Although we began working together on the same truck, as the day progressed, my ability to work swiftly and independently became clear, and we each migrated to different trucks for the duration of the job. The boss made a point at the end to tell me that, despite his earlier doubts, he was convinced that I was perfectly capable of pulling my own weight and performing equally with my workmates.
In my present-day capacity as a blindness professional helping to prepare job seekers for success, the key elements I emphasize to blind job candidates include problem-solving skills, ability to navigate safely and independently in both familiar and unfamiliar environments, and an ability to adapt and learn new technologies. Outside of these blindness-specific elements, the expectations must be the same, e.g., strong resume, including educational and training background, effective oral and written communication skills, good work habits, etc. The National Federation of the Blind has a full complement of programs necessary to prepare blind employees to be successful, including comprehensive blindness emersion, confidence building, and academic and technical skills training.
The NFB’s Where the Blind Work series is designed to demonstrate the breadth and variety of jobs and careers performed by individuals who are blind or have low vision. Just as with everything we do as a people’s movement of the blind, this effort requires your help and support. If you or someone you know who is blind or has low vision is working in an interesting job or career, we need to hear from you! For the eighty years of our collective existence, we in the Federation have known that, given proper training and opportunity, we as blind people can and do compete on terms of absolute equality. The way we perform tasks might not always look the same, but we know how to get the job done effectively and efficiently. Through strategic partnerships between employers and the National Federation of the Blind, together we can ensure that opportunities for success begin to bridge the gap of societal inequality that stubbornly persists today.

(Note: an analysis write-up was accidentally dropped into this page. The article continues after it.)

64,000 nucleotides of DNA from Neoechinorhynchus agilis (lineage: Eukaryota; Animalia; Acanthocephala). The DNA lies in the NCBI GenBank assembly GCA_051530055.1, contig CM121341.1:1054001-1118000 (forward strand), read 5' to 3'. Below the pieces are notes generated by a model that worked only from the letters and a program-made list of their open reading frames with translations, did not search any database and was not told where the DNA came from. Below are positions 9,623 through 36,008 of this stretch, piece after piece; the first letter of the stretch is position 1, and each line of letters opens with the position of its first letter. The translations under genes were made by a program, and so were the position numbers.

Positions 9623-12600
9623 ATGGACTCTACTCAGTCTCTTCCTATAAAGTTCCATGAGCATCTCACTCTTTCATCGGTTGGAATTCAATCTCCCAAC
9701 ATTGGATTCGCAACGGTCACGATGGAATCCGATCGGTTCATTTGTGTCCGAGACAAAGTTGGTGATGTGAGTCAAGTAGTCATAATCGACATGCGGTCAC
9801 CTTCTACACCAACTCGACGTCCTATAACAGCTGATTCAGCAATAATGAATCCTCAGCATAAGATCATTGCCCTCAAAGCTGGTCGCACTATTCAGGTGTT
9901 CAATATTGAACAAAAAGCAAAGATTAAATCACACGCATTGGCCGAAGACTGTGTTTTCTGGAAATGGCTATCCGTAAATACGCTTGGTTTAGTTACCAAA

Who will we hear from next in our Where the Blind Work series? You may hold the answer. For more information or to tell us about your interesting or unique job, contact Maurice Peret, Coordinator of Career Mentoring and Employment Programs at 410-659-9314, extension 2350 or [email protected].